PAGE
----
A few tidbits of awkward:
-       On Halloween a bunch of volunteers from the south came to Luderitz to dress up and celebrate. It was so much fun meeting a lot of volunteers from different groups and getting to know the actual town, which I don’t see much of right now because my school is in the location! The club we ended up at was empty when we got there, so I went to request some of my favorite songs, which of course included Gaga. The DJ then told me he didn’t have any of her music, which provoked a solid conversation of me asking why he didn’t have any of her songs, how is that possible, her music is everywhere!? Two lessons learned from this experience: 1. I need to stop attempting to get people to like Lady Gaga here, it’s really not going to happen and not worth my effort. 2. Everyone in Nam seems to know each other or be related. I found out the next day that the DJ I had this conversation with is a cousin of my host family… sweet.
-       I tried to make red beans and rice the other day for my host family. Note to self: it doesn’t taste the same when the beans aren’t actually red beans, and the sausage is boerwors [my personal most detested meat in this country]. I cooked it to the perfect consistency, but that gross sausage flavor poisoned my dish! That was a bad day all around [also the day of the 6C bathroom fiasco].
-       Last Friday was the Grade 7 End of Year Party, so the teachers stayed at the school in the afternoon to make food. First, the teachers at my school seem awesome, and I can’t wait to get to know them better [mission number 1: learn their names. They only officially introduced themselves to me all at once a month ago during my site visit, and there are 25 of them. Those names in addition to 125 6th graders = challenge.] As I was preparing some food with one of them, another teacher came with koeldrinks [anything that isn’t water or alcohol], so we had some coke. She asked me if I was drinking soft drinks. I said yes, glancing at my cup of coke, confused because she had just seen me take a sip of it, and then she said ‘but not hard drinks right?’ then I realized we were definitely not talking about the same thing. I told her I was confused, and she said soft drinks are beers, ciders, and wine here. Ohhhh, glad to have found that out.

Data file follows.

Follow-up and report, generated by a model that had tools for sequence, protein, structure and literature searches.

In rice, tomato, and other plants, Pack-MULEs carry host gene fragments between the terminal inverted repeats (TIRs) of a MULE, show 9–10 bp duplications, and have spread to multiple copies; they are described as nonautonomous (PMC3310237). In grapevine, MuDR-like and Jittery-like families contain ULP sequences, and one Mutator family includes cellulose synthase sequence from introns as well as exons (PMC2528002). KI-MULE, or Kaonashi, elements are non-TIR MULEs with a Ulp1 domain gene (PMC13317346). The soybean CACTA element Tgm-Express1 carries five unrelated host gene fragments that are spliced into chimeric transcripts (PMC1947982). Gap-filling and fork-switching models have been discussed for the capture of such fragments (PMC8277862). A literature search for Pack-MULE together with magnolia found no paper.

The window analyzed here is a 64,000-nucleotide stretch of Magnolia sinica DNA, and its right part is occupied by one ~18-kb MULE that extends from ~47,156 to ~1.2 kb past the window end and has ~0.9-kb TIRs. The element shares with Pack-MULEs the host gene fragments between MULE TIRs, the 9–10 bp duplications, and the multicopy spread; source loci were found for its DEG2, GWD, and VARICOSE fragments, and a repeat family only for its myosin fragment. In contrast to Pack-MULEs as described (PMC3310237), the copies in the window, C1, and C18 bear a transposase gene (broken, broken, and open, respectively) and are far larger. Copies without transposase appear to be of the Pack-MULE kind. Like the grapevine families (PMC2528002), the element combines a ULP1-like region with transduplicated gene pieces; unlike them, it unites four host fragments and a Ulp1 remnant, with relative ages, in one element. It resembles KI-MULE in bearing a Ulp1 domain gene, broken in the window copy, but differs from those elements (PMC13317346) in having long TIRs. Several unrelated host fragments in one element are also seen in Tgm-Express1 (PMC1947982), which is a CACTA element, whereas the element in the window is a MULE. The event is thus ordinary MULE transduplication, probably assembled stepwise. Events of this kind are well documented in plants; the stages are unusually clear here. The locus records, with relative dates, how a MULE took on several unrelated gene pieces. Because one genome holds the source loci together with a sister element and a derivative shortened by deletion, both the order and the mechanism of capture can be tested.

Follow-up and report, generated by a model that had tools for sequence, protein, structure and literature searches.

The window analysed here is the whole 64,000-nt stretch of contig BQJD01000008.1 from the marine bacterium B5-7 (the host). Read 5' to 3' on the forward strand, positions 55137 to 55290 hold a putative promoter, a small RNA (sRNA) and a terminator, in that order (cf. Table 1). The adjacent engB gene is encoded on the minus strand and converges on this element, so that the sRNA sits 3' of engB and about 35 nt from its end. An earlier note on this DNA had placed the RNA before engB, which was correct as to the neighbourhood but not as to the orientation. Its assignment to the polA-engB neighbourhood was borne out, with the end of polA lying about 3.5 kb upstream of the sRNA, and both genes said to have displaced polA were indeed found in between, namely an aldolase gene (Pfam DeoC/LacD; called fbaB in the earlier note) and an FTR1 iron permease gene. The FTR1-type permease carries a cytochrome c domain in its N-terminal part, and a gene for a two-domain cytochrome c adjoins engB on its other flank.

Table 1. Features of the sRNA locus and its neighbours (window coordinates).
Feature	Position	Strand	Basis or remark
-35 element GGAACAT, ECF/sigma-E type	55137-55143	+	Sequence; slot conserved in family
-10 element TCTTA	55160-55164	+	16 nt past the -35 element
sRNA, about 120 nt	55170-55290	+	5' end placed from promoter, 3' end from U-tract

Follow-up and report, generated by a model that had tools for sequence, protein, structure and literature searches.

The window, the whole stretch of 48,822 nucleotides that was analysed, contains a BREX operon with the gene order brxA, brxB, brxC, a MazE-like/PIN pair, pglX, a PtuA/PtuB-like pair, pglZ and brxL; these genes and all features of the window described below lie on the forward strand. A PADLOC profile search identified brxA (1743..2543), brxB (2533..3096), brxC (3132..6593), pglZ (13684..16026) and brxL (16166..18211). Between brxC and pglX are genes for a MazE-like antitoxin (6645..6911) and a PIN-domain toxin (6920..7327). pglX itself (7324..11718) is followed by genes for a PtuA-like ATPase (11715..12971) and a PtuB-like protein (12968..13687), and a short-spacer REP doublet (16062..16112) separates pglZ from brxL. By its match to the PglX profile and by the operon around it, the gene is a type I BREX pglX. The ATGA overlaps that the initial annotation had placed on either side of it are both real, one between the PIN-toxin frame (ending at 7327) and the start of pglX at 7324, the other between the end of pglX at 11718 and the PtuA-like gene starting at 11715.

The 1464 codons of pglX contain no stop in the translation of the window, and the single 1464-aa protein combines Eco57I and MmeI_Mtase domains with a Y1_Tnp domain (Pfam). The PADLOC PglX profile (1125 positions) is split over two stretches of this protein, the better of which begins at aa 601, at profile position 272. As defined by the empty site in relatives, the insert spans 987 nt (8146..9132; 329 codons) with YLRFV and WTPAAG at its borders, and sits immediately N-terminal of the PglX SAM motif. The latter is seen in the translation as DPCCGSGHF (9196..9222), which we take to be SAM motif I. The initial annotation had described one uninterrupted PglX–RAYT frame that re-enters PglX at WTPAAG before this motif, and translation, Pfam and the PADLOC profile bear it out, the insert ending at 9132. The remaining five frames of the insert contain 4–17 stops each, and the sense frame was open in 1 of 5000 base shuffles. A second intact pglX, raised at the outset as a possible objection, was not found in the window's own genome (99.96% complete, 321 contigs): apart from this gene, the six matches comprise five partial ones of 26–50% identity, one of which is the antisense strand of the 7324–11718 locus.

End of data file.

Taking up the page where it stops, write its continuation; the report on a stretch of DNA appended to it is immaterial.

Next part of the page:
-       Once the Grade 7 Party had begun, after they’d eaten, of course an obligatory dance party started. A lot of the teachers got up to go dance but I wasn’t feeling it, as I was super tired and not feeling so hot. Luckily my host mom was also tired so we sat together. Then they began chanting her name to join, so I was alone when a group of teachers came to get me. All of a sudden, I was standing next to just one teacher who had some baller dance moves, and the entirety of Grade 7 was dancing in sync towards me. I felt like I was in a movie, but unlike in movies I didn’t magically know the coordinated movements to the song so I just kind of tried to blend in [impossible, I keep forgetting that I stand out here], and gradually eased myself out of the dance when they forgot about me.

Anyway, we’re almost halfway through Phase 2! I can’t believe that the 6 weeks I’m spending at site right now is almost the amount of time I spent in training – I swear training felt like 2 years! I feel like I’ve known the Volunteers in Group 34 for forever, I guess that’s what being around people for at least 12 hours a day every day for 8 weeks does to you… I’ve begun a countdown to the soon to be epic Christmas Break with these people, so pumped!

I will end with my favorite thing to say to people as a good night – “Slaap lekker!” to which you would respond “Ja, lekker slaap!” The word “lekker” is used for everything here, ranging in meanings from sweets as in candies, to nice as in tasting or a sweet day, or have a sweet sleep, the uses are endless!